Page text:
John Gilbert

Herbert Howells: Sonata No. 1; Benjamin Britten: Suite for Violin & Piano; Ralph Vaughan Williams: Sonata in A minor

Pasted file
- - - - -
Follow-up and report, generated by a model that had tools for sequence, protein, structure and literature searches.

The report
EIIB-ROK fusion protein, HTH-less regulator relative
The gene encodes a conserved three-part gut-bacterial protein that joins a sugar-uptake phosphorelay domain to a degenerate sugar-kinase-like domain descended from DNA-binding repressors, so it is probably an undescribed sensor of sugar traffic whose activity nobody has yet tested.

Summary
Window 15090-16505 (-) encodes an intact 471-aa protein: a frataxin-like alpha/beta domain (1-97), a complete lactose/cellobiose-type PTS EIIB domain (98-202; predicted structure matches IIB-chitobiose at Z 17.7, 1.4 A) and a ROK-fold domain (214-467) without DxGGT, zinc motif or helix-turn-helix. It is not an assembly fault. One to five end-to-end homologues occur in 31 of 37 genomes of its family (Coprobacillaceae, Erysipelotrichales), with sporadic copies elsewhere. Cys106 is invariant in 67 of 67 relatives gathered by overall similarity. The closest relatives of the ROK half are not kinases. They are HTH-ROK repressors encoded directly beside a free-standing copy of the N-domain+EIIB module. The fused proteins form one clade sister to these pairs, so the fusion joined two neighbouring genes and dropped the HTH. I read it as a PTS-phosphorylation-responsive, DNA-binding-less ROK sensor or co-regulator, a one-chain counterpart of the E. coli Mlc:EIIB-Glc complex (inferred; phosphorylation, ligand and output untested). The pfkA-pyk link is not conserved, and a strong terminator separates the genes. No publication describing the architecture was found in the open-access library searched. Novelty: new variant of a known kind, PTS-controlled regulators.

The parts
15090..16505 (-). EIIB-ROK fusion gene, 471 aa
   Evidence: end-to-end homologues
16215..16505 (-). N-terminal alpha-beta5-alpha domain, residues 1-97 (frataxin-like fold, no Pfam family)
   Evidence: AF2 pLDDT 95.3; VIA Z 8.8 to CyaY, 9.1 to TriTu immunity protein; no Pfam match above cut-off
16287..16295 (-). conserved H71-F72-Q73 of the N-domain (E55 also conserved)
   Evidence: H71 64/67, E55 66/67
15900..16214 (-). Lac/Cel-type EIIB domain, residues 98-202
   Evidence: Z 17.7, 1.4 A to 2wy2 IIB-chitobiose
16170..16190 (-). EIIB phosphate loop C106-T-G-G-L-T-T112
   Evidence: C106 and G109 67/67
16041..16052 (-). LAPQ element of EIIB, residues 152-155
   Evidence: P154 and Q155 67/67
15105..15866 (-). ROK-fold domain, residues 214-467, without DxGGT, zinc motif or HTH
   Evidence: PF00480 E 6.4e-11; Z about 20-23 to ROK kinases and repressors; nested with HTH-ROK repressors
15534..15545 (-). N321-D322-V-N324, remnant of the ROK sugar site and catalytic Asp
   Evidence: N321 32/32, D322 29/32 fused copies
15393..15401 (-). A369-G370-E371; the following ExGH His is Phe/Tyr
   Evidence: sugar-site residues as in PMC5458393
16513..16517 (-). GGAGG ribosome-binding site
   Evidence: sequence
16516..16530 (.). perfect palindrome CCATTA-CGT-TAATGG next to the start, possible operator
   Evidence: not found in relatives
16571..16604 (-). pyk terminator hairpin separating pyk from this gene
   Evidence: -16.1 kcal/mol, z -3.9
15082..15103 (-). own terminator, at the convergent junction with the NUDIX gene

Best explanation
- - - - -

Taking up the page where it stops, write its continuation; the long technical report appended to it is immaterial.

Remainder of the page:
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While one would very much like to wholeheartedly praise violinist John Gilbert and pianist Susan Wass' disc of twentieth century English works for violin and piano, the actual performances elicit only lukewarm praise. Certainly the program itself is brilliant. Coupling Herbert Howells lushly expressive Violin Sonata in E major with Benjamin Britten's dryly ironic Suite for violin and piano and Vaughan Williams wildly imaginative Violin Sonata in A minor provides a fascinating overview of the genre in twentieth century in England. But the performances can't match the program. Gilbert has a more than adequate but by no means spectacular technique and a tone that tends toward the wiry, and his interpretations are pleasant but not especially insightful. In his hands, Howells' sonata is merely light and lithesome, Britten's suite is simply sweet and saucy and Vaughan Williams' sonata sadly lacks both muscle and imagination. Wass' is a talented pianist and an adept accompanist, but she, like Gilbert, stays on top of the notes rather than probing beneath them. Captured in thin, dry digital sound, this disc is for dedicated fans of the repertoire only.

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